|LV mass (g)||176 ± 45||156 ± 30||0.009||170 ± 46||146 ± 33||0.008|
|LV mass/height (g/m)||111 ± 29||100 ± 19||0.023||104 ± 33||94 ± 19||0.66|
|LVMI (g/m²)||111 ± 28||99 ± 19||0.017||102 ± 30||94 ± 18||0.111|
LV, left ventricle LVMI, left ventricular mass index LA, left atrium.
The present case control study showed that an increase in LA dimension by itself has clear relationship with stroke in subjects presenting with preserved LVSF and normal sinus rhythm; thus neither an age older than 65 years nor reduction in LVSF is required for the relationship between LA dimension and stroke.
The Framingham heart study (Benjamin EJ, et al. 1995) had a prospective design and was able to determine the relationship between the LA dimension and stroke. The Cardiovascular health study (Tell GS, et al. 1993; Barnes ME, et al 2004)), which also reported a relationship between the LA dimension and stroke, was performed only in subjects older than 65 year. Recently (Bong SK, et al 2009) reported that the LA dimension is related to the stroke in subjects with preserved LVSF and sinus rhythm.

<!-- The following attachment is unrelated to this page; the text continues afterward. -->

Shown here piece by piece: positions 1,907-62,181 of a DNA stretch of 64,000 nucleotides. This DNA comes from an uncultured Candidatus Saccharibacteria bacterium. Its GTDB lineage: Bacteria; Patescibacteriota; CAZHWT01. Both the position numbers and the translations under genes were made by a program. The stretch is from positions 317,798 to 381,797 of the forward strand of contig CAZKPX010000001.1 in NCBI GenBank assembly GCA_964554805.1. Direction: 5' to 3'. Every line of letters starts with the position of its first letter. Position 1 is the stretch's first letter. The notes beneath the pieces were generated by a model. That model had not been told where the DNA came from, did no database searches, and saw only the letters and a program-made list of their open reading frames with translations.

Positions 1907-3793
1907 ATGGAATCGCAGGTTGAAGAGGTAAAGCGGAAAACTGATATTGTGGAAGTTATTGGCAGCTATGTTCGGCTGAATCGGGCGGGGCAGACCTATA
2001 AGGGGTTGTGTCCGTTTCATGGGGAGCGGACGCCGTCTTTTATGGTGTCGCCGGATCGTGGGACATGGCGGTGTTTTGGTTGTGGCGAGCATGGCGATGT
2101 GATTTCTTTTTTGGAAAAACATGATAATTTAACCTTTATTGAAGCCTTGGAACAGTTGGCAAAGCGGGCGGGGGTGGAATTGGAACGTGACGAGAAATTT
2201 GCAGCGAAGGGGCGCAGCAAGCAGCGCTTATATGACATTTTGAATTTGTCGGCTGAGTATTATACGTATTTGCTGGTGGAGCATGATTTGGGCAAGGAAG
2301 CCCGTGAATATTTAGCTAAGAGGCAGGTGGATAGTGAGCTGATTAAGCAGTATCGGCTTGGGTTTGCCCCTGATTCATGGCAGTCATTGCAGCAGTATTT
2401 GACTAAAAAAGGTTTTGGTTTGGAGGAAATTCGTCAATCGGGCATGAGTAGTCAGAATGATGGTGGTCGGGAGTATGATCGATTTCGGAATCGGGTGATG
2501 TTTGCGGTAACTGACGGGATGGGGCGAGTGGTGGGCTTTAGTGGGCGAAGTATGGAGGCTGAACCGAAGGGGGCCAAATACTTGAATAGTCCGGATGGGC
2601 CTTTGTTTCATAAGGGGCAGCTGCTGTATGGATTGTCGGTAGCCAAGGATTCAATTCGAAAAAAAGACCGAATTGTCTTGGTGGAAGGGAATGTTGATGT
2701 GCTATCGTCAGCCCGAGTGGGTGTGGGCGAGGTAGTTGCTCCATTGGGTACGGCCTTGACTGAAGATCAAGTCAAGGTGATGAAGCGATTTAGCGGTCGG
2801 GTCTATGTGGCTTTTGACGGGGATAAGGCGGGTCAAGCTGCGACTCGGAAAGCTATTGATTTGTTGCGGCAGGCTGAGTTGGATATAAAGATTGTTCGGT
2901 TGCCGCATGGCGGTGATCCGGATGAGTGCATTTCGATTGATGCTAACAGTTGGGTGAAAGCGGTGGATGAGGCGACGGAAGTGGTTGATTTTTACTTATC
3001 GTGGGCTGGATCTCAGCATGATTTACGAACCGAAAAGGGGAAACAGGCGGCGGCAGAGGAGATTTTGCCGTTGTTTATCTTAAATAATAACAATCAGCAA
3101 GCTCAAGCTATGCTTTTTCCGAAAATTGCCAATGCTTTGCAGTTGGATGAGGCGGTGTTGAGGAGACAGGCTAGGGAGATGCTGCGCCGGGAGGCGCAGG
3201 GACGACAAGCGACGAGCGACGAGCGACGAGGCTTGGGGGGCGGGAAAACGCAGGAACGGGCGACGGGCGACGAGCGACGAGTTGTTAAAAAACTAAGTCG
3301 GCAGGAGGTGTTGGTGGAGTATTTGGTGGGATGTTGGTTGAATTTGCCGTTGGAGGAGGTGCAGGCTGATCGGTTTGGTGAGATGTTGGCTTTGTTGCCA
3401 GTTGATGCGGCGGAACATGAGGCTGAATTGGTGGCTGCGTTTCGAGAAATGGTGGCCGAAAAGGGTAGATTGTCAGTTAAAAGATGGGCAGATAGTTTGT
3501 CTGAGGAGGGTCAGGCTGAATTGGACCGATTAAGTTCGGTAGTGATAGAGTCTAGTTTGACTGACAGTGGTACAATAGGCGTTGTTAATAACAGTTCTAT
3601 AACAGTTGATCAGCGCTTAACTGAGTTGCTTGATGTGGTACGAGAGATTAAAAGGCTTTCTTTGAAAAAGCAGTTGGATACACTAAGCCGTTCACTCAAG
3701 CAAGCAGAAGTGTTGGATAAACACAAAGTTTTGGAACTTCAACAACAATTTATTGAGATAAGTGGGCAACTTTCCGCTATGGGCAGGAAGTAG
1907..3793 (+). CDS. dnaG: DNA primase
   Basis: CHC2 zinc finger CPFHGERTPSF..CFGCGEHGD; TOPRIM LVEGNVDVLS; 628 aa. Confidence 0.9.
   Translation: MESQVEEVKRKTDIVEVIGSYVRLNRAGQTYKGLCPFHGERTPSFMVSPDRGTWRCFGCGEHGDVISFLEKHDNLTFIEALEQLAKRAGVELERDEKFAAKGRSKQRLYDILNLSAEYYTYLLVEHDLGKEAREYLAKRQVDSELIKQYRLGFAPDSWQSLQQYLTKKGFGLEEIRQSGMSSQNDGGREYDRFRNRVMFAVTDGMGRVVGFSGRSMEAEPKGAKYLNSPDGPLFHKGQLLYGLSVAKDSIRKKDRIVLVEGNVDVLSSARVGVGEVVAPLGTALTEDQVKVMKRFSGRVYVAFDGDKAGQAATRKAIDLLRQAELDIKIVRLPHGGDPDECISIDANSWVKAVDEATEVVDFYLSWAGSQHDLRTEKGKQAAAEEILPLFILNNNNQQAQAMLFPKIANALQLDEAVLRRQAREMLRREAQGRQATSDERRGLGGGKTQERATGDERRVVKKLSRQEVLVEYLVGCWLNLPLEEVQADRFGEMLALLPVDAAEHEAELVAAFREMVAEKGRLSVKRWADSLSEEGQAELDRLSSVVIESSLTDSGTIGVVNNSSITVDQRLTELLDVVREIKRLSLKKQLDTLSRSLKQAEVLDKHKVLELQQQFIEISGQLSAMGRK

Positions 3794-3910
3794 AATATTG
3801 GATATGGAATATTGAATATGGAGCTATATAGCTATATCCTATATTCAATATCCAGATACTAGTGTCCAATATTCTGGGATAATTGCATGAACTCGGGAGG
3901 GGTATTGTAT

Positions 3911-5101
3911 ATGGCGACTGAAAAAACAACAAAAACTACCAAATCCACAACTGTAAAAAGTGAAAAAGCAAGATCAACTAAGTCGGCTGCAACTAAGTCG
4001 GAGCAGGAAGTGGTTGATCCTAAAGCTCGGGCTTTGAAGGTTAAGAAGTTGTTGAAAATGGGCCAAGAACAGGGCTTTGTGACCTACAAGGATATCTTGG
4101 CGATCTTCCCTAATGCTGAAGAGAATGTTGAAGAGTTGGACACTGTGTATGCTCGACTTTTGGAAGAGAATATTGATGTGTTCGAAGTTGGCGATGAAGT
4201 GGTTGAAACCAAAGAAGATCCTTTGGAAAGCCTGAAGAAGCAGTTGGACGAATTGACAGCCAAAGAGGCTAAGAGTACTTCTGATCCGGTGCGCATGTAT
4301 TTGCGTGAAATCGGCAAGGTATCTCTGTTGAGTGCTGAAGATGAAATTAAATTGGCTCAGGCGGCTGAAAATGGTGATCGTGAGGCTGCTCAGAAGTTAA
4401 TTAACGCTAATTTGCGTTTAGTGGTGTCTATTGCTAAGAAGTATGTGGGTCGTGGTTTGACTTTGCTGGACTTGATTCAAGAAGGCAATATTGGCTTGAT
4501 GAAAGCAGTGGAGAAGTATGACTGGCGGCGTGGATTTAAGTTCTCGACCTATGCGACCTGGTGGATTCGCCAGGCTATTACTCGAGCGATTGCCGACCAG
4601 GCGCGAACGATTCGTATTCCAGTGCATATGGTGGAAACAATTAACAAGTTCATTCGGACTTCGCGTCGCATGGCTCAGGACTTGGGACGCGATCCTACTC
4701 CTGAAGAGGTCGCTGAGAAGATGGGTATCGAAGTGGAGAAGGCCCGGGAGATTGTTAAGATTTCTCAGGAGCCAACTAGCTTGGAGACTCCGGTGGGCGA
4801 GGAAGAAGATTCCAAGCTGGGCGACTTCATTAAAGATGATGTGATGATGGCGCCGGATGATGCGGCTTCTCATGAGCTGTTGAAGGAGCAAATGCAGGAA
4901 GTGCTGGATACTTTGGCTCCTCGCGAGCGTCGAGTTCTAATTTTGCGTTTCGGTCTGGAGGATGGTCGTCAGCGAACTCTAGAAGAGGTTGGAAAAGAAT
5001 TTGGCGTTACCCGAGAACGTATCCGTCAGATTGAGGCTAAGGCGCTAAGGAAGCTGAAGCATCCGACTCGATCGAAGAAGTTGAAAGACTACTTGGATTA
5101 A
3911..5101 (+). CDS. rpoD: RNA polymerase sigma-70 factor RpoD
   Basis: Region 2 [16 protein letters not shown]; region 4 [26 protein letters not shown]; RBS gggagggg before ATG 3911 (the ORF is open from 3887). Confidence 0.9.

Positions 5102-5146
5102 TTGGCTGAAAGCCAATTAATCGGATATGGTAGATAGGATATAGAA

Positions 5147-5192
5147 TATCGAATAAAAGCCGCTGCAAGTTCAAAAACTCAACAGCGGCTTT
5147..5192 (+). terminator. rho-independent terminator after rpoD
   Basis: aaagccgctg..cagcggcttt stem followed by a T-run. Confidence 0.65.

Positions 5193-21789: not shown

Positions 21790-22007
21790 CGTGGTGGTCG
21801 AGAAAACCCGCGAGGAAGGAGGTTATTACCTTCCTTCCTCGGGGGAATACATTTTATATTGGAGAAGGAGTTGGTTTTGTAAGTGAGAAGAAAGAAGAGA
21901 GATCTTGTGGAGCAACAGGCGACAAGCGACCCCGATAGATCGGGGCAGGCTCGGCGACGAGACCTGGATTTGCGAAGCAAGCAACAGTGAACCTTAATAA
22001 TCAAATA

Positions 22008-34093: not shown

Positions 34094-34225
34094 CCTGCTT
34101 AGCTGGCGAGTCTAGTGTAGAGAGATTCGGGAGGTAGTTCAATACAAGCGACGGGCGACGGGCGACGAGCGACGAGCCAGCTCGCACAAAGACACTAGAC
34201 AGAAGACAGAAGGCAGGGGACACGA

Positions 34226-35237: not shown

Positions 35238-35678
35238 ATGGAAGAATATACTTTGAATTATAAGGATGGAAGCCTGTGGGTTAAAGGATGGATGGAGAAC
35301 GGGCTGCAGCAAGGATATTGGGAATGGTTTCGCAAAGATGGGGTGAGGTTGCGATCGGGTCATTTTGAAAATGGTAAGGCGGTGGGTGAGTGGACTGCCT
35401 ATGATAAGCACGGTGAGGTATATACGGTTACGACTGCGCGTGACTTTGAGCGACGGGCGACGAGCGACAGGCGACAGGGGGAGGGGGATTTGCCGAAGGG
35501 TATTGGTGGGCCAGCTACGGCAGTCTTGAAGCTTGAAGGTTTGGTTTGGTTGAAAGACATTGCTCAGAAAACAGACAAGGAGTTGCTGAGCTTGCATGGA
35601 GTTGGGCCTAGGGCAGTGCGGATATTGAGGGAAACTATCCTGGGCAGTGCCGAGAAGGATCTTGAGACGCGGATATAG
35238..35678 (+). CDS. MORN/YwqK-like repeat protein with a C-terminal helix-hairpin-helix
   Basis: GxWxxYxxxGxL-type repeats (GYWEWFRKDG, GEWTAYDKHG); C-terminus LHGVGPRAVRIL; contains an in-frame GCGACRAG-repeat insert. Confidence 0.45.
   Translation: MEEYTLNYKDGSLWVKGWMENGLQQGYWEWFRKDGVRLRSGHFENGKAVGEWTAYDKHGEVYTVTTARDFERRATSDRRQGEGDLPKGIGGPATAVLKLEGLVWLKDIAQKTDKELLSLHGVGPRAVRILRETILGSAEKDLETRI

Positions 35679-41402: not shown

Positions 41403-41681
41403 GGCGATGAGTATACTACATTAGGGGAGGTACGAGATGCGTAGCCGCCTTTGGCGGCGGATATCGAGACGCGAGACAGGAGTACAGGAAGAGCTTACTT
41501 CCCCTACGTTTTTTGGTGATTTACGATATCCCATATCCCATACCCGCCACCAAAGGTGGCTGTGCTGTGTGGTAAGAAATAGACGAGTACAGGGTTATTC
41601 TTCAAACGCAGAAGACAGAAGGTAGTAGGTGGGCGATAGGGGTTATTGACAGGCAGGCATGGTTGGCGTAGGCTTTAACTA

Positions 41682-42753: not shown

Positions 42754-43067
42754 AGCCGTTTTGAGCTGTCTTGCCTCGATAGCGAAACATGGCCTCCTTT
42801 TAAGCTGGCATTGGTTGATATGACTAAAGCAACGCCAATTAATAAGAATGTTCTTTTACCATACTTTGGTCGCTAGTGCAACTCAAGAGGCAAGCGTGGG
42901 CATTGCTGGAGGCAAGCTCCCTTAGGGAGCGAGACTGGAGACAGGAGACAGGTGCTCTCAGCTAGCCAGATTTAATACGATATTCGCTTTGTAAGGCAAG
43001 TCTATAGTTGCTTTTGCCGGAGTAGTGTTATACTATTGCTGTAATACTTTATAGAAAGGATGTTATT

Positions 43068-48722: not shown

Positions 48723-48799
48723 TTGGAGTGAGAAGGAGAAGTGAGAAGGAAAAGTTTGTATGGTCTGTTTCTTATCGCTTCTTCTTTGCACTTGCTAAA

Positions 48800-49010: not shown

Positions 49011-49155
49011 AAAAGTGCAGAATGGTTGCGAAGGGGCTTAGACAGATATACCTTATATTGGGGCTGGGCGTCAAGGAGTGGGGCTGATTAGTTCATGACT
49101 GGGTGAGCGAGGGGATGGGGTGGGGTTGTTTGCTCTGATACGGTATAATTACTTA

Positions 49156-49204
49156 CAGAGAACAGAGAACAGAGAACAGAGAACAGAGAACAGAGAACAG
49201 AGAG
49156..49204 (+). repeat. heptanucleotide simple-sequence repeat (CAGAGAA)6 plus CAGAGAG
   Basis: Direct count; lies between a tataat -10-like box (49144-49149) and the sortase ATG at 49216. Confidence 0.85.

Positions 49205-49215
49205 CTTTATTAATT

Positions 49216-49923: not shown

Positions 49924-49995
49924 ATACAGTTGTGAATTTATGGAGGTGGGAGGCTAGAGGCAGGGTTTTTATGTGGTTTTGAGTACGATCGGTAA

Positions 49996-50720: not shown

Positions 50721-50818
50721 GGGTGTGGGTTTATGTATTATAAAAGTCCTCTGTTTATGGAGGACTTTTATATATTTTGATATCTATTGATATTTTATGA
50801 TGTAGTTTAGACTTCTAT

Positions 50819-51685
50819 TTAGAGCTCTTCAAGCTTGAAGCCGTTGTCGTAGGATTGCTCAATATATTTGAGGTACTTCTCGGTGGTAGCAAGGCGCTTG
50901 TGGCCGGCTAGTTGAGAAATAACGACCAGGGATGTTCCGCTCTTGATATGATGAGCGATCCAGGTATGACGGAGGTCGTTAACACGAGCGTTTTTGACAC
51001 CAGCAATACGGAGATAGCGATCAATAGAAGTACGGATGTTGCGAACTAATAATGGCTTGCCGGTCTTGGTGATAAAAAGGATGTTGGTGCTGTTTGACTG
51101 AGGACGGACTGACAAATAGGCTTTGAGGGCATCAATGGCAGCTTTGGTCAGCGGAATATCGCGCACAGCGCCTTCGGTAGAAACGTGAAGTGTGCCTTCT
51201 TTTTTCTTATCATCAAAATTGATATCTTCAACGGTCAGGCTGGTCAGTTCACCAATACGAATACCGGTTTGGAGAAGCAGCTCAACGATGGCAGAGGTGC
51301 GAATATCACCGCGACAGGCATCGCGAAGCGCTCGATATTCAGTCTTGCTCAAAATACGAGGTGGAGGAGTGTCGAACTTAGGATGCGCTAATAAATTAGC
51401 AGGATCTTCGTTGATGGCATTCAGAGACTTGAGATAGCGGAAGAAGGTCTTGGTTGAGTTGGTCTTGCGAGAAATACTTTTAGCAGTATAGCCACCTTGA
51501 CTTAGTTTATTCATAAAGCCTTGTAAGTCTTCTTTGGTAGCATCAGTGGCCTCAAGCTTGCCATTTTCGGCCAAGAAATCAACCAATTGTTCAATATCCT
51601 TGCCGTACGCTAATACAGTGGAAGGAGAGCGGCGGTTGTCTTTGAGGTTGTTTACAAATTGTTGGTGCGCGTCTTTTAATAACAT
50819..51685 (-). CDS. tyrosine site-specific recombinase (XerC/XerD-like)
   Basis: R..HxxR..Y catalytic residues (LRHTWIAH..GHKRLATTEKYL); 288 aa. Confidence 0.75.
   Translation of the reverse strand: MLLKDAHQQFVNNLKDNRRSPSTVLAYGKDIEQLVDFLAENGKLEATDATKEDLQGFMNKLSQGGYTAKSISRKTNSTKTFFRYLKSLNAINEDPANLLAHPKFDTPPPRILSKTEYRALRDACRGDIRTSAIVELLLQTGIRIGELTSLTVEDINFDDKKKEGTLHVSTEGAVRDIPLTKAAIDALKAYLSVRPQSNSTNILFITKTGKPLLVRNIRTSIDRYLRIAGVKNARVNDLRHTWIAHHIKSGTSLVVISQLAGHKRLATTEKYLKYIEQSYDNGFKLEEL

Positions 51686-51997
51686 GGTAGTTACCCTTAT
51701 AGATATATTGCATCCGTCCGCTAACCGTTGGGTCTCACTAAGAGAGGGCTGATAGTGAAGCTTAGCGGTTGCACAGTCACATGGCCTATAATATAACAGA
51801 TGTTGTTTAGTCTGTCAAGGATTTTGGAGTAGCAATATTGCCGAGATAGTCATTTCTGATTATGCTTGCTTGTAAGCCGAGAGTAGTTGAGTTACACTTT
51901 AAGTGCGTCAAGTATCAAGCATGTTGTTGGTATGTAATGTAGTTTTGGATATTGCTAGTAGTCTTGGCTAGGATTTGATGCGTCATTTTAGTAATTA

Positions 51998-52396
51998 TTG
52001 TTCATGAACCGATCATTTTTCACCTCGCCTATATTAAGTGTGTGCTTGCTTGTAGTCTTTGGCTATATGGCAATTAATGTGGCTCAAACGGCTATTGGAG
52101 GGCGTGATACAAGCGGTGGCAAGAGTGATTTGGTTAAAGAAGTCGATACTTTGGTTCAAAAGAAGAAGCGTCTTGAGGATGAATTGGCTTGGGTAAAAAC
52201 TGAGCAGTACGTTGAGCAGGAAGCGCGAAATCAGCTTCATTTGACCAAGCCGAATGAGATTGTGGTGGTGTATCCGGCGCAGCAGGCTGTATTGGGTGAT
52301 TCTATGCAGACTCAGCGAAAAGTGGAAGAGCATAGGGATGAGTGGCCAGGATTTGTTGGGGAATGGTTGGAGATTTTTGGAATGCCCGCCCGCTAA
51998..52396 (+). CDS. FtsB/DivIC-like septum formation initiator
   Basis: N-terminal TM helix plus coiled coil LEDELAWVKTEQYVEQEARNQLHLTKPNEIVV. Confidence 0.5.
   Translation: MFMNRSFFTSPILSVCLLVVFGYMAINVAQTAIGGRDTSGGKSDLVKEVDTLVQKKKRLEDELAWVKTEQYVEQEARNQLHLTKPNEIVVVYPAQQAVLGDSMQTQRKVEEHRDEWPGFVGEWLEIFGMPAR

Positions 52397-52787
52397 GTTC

The mechanisms underlying the relationship between stroke and an enlarged LA are not completely understood. The most plausible hypothesis is that LA dilation promotes stasis of blood, which in turn results in a propensity for thrombus formation and increased risk of embolism. The thrombogenicity of a dilated left atrium has been supported by the results of several trans esophageal echocardiographic studies showing an association between an enlarged left atrium and spontaneous echocardiographic contrast (Tell GS, te al 1993).
Alternatively, the LA enlargement may be a surrogate marker representing an adaptive response to some variously caused endothelial dysfunction that affects the systemic vascular bed. Endothelial dysfunction results from the abnormal regulation of and response to many different cytokines and paracrine hormones, including nitric oxide, angiotensin II and its receptor, Plasminogen inhibitor I, thrombomodulin, and endothelin (Links YT, et al. 2007)